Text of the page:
"That year at Saints and Sinners, several attendees chipped in to an effort led by author and editor Ron Suresha and presented me with an awesome assortment of designer eye patches."

Because at its core, Saints and Sinners isn’t just for the love of the arts; it’s for the strength we lend one another in community.

"The festival helps ensure that the written work from the LGBTQ+ community will continue to have an outlet, that people will have access to books that help dispel stereotypes," Willis explains. "[It also helps] alleviate isolation, and provide resources for personal wellness."

And it’s the breaking down of that isolation and bringing folks together that makes the Saints and Sinners Literary Festival unlike any other.

Photo via Saints and Sinners Literary Festival.

"Imagine the flirting, the arguing, the teasing and praising and exchanging of not just vital information, but the whole spirit of queer arts and creating," Allison writes. "Then imagine it all taking place on the sultry streets of New Orleans’ French Quarter."

"That’s Saints and Sinners — the best wellspring of inspiration and enthusiasm you are going to find."

That inspiration is in abundance in a city like New Orleans. And for the queer community and the folks who support them, glitter and literature has turned out to be a winning combination.

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Los Angeles is experiencing a homeless epidemic that was years in the making.

Over the past six years, the unhoused population in the city has risen 75 percent. The city's lack of homeless shelters and affordable housing has forced many who can't afford L.A.'s sky-high rents to live on the streets.

According to LAist, since 2000, renter incomes have decreased by 3 percent while rents have gone up 32 percent.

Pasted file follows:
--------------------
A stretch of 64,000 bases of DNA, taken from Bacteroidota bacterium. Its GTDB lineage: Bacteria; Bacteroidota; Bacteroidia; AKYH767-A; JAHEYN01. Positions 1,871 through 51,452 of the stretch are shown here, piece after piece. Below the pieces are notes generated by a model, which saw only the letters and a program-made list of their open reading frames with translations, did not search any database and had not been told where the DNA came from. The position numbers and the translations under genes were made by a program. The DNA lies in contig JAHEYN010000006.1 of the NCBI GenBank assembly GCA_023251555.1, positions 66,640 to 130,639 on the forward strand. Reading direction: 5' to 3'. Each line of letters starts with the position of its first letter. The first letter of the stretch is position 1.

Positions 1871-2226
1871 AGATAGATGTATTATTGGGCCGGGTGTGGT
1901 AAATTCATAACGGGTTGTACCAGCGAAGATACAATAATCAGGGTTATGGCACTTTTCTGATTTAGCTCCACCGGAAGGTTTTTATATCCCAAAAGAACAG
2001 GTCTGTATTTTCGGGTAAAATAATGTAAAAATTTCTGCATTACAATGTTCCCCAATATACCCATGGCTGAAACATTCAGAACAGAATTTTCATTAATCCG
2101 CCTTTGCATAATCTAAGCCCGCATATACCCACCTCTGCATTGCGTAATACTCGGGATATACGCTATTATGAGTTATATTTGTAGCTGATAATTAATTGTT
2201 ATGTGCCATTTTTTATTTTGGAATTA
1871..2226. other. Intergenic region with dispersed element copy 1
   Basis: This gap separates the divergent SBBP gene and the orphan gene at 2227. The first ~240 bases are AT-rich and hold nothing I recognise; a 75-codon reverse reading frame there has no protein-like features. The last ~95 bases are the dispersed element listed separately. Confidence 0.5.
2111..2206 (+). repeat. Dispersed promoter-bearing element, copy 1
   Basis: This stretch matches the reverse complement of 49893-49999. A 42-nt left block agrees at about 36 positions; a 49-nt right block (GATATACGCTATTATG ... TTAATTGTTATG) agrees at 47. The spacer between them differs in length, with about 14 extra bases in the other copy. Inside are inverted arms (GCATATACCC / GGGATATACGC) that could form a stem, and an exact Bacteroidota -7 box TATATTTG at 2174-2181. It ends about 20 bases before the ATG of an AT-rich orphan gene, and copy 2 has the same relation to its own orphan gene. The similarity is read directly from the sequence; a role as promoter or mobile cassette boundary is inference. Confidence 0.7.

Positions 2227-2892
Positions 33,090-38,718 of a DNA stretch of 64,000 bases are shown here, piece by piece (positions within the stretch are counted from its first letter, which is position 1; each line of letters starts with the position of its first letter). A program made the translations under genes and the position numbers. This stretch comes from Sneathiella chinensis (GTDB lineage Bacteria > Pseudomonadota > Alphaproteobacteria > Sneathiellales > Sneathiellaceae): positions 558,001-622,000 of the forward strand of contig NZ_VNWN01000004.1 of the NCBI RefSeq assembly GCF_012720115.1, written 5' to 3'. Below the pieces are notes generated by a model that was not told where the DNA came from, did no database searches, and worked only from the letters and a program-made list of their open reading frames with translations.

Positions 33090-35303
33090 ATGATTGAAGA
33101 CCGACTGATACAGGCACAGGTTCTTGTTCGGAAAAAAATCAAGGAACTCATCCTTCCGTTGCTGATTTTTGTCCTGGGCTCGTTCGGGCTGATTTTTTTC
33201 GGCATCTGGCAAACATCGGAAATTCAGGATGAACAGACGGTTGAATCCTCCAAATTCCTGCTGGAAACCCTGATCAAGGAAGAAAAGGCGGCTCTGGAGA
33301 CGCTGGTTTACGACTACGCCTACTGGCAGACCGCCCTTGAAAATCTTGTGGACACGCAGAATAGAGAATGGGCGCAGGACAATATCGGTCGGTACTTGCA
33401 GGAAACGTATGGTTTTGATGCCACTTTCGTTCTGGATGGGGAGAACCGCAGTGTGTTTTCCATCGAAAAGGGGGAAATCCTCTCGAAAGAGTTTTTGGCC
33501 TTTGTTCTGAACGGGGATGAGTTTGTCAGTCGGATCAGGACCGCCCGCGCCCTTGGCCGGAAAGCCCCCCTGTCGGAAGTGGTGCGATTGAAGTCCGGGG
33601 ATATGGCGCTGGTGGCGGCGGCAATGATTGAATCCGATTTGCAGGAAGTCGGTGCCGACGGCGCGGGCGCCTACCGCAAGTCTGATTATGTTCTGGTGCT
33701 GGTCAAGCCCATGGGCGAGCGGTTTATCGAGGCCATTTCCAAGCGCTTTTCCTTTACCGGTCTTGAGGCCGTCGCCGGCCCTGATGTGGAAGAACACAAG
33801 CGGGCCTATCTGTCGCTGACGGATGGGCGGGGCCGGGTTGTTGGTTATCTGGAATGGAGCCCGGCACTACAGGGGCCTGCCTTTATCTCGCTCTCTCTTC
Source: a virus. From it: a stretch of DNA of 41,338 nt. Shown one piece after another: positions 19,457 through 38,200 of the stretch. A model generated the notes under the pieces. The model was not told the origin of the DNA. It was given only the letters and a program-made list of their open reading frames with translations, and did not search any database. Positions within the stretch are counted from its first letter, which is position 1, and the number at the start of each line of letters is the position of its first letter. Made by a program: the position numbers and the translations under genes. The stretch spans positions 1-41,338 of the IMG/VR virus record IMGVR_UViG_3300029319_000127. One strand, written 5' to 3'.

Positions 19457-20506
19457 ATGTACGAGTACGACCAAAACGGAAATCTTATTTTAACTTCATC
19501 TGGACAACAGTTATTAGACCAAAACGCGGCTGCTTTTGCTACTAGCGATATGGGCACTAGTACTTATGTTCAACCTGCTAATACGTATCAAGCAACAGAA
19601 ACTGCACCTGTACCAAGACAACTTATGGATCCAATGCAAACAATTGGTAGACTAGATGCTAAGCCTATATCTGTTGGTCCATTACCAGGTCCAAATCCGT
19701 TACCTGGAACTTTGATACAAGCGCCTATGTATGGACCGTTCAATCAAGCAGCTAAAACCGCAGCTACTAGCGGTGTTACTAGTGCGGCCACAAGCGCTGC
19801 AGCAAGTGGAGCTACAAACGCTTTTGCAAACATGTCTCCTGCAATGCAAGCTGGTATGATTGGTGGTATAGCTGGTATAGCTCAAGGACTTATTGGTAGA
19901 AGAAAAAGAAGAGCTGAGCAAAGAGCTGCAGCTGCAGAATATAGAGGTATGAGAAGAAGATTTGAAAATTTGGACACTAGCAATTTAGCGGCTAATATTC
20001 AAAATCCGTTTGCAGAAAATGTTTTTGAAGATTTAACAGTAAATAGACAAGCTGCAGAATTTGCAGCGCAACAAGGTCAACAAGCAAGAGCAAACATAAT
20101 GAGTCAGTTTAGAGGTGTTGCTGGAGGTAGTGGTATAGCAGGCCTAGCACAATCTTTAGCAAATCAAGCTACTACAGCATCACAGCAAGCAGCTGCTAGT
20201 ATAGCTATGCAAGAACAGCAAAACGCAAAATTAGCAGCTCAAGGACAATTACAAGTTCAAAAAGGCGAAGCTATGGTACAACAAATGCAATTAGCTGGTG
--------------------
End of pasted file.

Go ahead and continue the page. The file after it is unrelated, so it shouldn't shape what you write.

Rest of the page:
While the city has launched a $100 million-per-year program to help the problem, rapper, entrepreneur, and actor Jaden Smith has found his own way of responding to the crisis: love.

On his 21st birthday, Smith launched the I Love You Restaurant pop-up truck. The truck hands out healthy, vegan meals to unhoused people absolutely free. Smith himself follows a vegan diet.

"@ILoveYouRestaurant Is A Movement That Is All About Giving People What They Deserve, Healthy, Vegan Food For Free," Smith wrote on Instagram. "Today We Launched Our First One Day Food Truck Pop-Up in Downtown LA."

The food bowls given out by the I Love You Restaurant feature dark leafy greens, sweet potato, black beans, and grains.

Smith hasn't announced the next time the truck will pop up in the L.A. area, but it'll be back soon. "Keep A Look Out Because This Is The First Of Many," he wrote on Instagram.

This isn't Smith's first foray into charitable giving. Last year, his eco-friendly water company, JUST Water, partnered with a local church in Flint, Michigan to help with the water crisis. He also donated over 10,000 bottles of JustWater to local schools.

Just Water is a sustainably sourced water brand that uses non-plastic containers that create less waste.

"This has been one of the most rewarding and educational experiences for me personally," Smith said in a statement. "Working together with people in the community experiencing the problems and design(ing) something to help them has been a journey I will never forget. We are planning to deploy more water boxes in Flint and other communities facing similar challenges."